Our load tests utilize a couple of FAST ATE active load testers and a variety of other equipment such as an oscilloscope, power conditioner, temperature probe and a power consumption meter. You can read more about our standard testing approach here.
The tests performed are based around six conceivable setups that are out there and progressively load down the PSU up to the power supply's limits or 1000W, whichever comes first. Since our test equipment's limits are equal to that of the Cooler Master V1000 1000W power supply, we can test it to the maximum.
The above tests represent typical loads that we have measured from various systems and are meant to give a rough idea of where your computer might fall in line with our tests. Please keep in mind that each system is different and actual loads can vary greatly even with similar hardware.
Let's start by taking a look at the voltages to see how well this unit did during testing. Starting with the 12V rail, we see 2% regulation from start to finish with a total drop of .14V. The 5V rail managed to stay within 2% of specification with a total drop of .05V from start to finish. Moving towards the 3.3V rail, we see that regulation was within 2% of specification with a total voltage drop of .05V.
DC Output quality for the Cooler Master V1000 was great and well within specifications. During Test 1, we saw 13mV of noise on our scope. When we increased the loads in Test 3, the ripple climbed to 21mV at around half load. During Test 5 under a load of 1000W, the oscilloscope showed a maximum of 30mV on noise on the 12V rail.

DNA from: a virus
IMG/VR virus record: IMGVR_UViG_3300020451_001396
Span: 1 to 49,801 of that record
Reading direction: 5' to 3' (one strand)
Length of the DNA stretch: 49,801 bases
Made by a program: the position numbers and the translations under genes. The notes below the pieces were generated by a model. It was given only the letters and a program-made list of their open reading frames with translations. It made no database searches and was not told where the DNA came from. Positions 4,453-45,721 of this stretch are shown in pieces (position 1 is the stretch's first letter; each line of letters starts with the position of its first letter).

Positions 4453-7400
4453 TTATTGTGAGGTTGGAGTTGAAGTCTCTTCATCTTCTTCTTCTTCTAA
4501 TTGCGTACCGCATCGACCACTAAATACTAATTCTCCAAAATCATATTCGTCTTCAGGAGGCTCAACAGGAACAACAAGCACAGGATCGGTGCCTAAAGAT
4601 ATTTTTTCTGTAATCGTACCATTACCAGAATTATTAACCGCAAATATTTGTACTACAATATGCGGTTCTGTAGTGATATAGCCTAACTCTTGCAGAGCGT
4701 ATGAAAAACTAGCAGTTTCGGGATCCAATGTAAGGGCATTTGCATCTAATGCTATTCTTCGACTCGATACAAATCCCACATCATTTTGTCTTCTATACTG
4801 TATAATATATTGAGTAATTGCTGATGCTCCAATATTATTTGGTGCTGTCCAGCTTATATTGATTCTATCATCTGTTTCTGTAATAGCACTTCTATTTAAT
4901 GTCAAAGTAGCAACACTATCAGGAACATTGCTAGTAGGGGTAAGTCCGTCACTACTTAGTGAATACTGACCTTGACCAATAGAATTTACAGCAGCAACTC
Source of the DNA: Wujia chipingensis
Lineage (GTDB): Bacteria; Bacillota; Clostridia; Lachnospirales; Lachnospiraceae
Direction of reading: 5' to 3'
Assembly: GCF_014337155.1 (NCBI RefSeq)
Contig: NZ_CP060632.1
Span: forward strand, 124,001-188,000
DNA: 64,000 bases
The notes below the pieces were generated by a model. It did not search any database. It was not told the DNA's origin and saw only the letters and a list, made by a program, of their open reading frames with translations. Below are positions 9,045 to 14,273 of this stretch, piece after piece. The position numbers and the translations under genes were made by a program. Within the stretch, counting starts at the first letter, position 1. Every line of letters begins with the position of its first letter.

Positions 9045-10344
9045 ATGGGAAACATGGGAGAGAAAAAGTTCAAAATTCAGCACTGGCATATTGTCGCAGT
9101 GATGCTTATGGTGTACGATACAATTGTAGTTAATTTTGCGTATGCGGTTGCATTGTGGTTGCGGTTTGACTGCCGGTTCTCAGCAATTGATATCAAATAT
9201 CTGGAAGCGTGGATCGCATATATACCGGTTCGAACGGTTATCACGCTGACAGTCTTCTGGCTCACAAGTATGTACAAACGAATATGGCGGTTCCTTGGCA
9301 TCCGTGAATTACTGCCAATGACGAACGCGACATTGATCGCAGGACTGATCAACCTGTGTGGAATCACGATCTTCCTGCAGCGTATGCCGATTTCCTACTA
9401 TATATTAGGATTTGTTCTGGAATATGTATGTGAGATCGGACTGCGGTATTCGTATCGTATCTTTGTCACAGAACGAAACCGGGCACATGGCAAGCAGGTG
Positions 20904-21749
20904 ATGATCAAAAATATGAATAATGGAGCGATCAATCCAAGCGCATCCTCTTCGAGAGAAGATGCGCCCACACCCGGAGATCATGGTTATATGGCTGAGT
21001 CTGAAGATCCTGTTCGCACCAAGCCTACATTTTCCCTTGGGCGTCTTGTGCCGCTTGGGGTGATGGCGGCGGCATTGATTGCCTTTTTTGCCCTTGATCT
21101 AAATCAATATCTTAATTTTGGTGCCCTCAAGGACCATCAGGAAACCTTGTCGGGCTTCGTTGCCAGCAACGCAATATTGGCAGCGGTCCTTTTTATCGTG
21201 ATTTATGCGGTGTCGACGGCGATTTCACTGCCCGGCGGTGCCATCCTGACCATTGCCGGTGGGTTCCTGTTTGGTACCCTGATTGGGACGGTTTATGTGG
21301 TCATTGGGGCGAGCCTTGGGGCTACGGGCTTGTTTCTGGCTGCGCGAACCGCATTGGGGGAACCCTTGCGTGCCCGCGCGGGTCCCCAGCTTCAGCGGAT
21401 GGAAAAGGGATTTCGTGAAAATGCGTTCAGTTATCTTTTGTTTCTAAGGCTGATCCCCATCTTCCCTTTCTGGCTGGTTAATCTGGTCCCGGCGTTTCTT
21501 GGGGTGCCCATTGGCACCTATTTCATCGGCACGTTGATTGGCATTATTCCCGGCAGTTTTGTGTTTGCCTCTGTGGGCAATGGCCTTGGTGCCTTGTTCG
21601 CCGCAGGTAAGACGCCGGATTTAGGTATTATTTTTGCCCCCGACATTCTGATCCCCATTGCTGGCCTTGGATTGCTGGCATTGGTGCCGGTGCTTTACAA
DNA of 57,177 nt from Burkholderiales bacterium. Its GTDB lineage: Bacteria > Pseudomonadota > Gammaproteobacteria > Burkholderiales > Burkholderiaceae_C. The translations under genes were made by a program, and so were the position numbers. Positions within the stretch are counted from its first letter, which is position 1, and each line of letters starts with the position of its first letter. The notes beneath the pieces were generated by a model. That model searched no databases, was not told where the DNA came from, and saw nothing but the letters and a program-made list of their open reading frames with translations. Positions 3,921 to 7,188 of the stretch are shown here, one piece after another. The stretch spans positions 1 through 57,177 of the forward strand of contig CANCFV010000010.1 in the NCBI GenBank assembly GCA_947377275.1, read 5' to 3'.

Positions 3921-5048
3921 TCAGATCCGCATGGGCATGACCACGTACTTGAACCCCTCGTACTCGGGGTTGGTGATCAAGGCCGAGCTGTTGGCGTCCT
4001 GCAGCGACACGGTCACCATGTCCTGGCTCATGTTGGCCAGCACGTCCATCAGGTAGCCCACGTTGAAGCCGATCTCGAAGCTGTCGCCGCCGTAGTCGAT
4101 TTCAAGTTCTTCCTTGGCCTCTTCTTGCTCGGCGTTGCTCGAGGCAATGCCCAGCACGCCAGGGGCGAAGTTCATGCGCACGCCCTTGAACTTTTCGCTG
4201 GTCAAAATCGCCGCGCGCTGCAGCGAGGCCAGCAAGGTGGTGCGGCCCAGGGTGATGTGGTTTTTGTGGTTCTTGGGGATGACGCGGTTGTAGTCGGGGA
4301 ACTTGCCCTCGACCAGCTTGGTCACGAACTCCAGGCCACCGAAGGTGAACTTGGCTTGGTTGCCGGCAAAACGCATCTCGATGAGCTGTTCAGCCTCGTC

The Cooler Master V1000 1000W is rated for 80 PLUS Gold efficiency. This means that the power supply must perform at 87%/90%/87% efficiency at 20%/50%/100% loads respectively. As you can see, the Cooler Master V1000 passed on our bench, and wasn't close to failing at any point. It was in fact a very efficient unit, staying very close to Platinum levels of efficiency throughout most of the tests.
It is very apparent that Cooler Master has made a wise move in choosing to partner with Seasonic for the design and production of the new V series power supplies. Seasonic has been an industry leader in the power supply market for decades and leveraging their experience and quality is never a poor choice. The result of this collaboration represents the some of the best that both companies have to offer.
Just from a performance standpoint, it is clear that the V1000 will be a winner for years to come. Voltage regulation is within 2% across all rails, and it wasn't far from the 1% mark on the 12V and 5V rails. DC output quality is also great as the unit shows relatively low noise on the 12V rail throughout all of our tests. The efficiency results are also great as the results are darn near on par with what we expect from a Platinum rated unit, not a Gold one. I'm actually surprised that there wasn't a tiny bit more work put into this unit to raise the efficiency a bit just to up the rating, but those reading reviews will know that the difference between this unit and a Platinum unit is so subtle that they will never know the difference.
Rounding things out for this unit are the price tag and warranty. At an MSRP of $209, the V1000 sits where it should appropriately right from launch. There are others with a tiny bit better performance or features, but they are all priced above this unit, and there are others that are a tad worse priced just below this unit. Aside from the perfect positioning for launch, that means this unit will drop in price a bit in 3-6 months a be a steal for anyone in the market for a 1000W power supply.
Mark my words, the V1000 is going to be a power supply that will be a great performer both now and years to come. Perhaps it will even become one of the models that everyone knows about as it is great on every level, not just one.